We’ve been asked numerous times why 11s peering is so fast compared with WiFi Direct. WiFi Direct peering (or group formation) entails the following steps:
1. Group Owner Negotiation
3. Authentication (Open System)
4. Association (Open System)
5. 802.1X Wireless Protected Setup Authentication
6. Failure (yes, this is part of the specification!)
8. Authentication (RSN)
9. Association (RSN)
10. 802.1X RSN Authentication
This is for the general case, called Standard Group Formation. The specification defines different behaviors for two other scenarios: when the Group Owner is pre-configured (Autonomous Group Formation) and when the network credentials are pre-stored (Persistent Group Formation). These scenarios can omit some of the phases enumerated above. For more details, check out this great paper about WFD.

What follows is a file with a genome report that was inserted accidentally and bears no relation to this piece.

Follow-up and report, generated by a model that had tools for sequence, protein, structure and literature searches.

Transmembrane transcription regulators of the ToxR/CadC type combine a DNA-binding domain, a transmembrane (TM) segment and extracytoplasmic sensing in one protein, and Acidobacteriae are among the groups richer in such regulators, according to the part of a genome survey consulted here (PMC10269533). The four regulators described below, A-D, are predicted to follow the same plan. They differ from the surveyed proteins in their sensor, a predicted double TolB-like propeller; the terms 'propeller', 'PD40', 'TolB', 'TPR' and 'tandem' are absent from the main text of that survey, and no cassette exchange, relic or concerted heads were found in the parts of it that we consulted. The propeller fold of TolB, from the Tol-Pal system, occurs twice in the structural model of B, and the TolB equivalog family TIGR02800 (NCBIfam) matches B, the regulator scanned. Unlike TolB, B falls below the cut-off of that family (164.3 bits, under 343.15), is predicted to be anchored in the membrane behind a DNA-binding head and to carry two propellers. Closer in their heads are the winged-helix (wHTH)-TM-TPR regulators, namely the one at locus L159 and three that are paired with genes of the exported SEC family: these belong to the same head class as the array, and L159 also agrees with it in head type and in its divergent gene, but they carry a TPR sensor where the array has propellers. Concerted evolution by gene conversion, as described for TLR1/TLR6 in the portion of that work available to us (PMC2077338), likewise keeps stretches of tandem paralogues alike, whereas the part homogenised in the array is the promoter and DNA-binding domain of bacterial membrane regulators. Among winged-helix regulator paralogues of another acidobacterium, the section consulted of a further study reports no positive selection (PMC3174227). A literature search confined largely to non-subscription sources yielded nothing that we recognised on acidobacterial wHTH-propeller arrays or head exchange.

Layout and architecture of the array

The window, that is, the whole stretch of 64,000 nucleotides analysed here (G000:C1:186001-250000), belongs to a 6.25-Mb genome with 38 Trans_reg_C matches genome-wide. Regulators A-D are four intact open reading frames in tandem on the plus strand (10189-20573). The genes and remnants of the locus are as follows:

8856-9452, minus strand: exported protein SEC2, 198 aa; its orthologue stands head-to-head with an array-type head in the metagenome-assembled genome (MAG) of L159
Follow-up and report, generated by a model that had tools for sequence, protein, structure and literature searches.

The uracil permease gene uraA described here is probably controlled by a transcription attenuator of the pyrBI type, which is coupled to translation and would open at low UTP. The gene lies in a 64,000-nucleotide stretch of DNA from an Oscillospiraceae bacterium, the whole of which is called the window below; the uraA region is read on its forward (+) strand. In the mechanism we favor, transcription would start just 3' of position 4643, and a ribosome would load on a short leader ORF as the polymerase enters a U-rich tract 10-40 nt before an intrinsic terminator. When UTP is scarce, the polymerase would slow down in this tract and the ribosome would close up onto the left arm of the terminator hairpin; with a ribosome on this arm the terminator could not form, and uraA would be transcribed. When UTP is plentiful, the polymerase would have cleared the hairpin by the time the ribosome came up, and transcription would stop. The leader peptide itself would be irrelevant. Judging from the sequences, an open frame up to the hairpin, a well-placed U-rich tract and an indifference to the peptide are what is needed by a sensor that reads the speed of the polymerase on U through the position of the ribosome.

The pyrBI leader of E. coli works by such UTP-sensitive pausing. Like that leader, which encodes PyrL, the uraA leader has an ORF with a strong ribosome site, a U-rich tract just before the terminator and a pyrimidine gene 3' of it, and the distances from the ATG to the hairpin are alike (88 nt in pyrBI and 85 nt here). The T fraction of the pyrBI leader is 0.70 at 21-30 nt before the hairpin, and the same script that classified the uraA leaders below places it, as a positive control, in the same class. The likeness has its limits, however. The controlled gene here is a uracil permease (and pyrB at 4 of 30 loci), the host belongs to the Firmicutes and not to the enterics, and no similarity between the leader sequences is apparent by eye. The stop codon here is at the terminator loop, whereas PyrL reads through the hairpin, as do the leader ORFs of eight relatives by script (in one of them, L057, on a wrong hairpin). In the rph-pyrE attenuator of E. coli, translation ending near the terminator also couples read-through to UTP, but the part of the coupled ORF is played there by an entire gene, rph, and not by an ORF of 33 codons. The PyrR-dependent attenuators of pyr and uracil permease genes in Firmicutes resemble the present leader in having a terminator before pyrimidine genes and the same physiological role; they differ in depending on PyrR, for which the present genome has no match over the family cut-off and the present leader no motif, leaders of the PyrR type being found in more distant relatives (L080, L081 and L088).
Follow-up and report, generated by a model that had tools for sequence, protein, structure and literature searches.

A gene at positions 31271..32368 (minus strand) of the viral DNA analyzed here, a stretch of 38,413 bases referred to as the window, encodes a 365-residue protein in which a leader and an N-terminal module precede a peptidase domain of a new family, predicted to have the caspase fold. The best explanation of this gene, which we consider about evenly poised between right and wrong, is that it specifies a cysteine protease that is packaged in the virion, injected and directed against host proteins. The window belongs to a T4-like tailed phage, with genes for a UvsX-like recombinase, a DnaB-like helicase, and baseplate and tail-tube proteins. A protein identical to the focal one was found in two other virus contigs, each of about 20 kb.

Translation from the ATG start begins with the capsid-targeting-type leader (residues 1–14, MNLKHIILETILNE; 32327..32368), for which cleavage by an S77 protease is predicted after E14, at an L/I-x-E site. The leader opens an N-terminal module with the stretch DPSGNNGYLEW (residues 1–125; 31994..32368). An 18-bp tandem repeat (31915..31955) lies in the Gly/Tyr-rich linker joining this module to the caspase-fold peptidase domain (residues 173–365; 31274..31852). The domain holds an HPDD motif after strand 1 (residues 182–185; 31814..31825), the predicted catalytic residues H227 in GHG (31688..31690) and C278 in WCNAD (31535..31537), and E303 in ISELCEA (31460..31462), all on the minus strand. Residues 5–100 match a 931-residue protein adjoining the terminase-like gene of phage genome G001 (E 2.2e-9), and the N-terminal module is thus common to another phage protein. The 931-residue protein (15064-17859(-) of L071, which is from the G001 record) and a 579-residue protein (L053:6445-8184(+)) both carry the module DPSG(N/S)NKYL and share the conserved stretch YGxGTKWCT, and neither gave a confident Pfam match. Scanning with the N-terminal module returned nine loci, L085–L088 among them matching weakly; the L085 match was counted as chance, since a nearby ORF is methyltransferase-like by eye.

You can see a wireshark capture of these exchanges in the figure below. These capture is generated from
wpa_supplicant‘s own test suite on simulated hardware and an ideal medium. This means that there are no frame losses, and even then, it takes 34 frames to establish a link between two nodes. On a lossy medium, a lost frame may require restarting the authentication process and this is why WFD peering may take a long time.
Mesh, on the other hand, does not assign roles to nodes and therefore has no concept of Group Owner, nor the need for a Group Owner negotiation. Security is also much simpler, as there is no authenticator/supplicant assimetry.
An open mesh peering takes only 4 frames without security and 4 more to establish a secure peer link. The entire peer link takes exactly 8 frames, as shown below.
No one summarized it better than security expert and SAE designer Dan Harkins:
It’s 34 frames of compromised and questionable security versus 8 of strong security. And both options can use the identical credential for authentication, it’s just that mesh does it right and WFD does it wrong.
Think about that next time you are waiting on your Android phone to connect with WiFi Direct…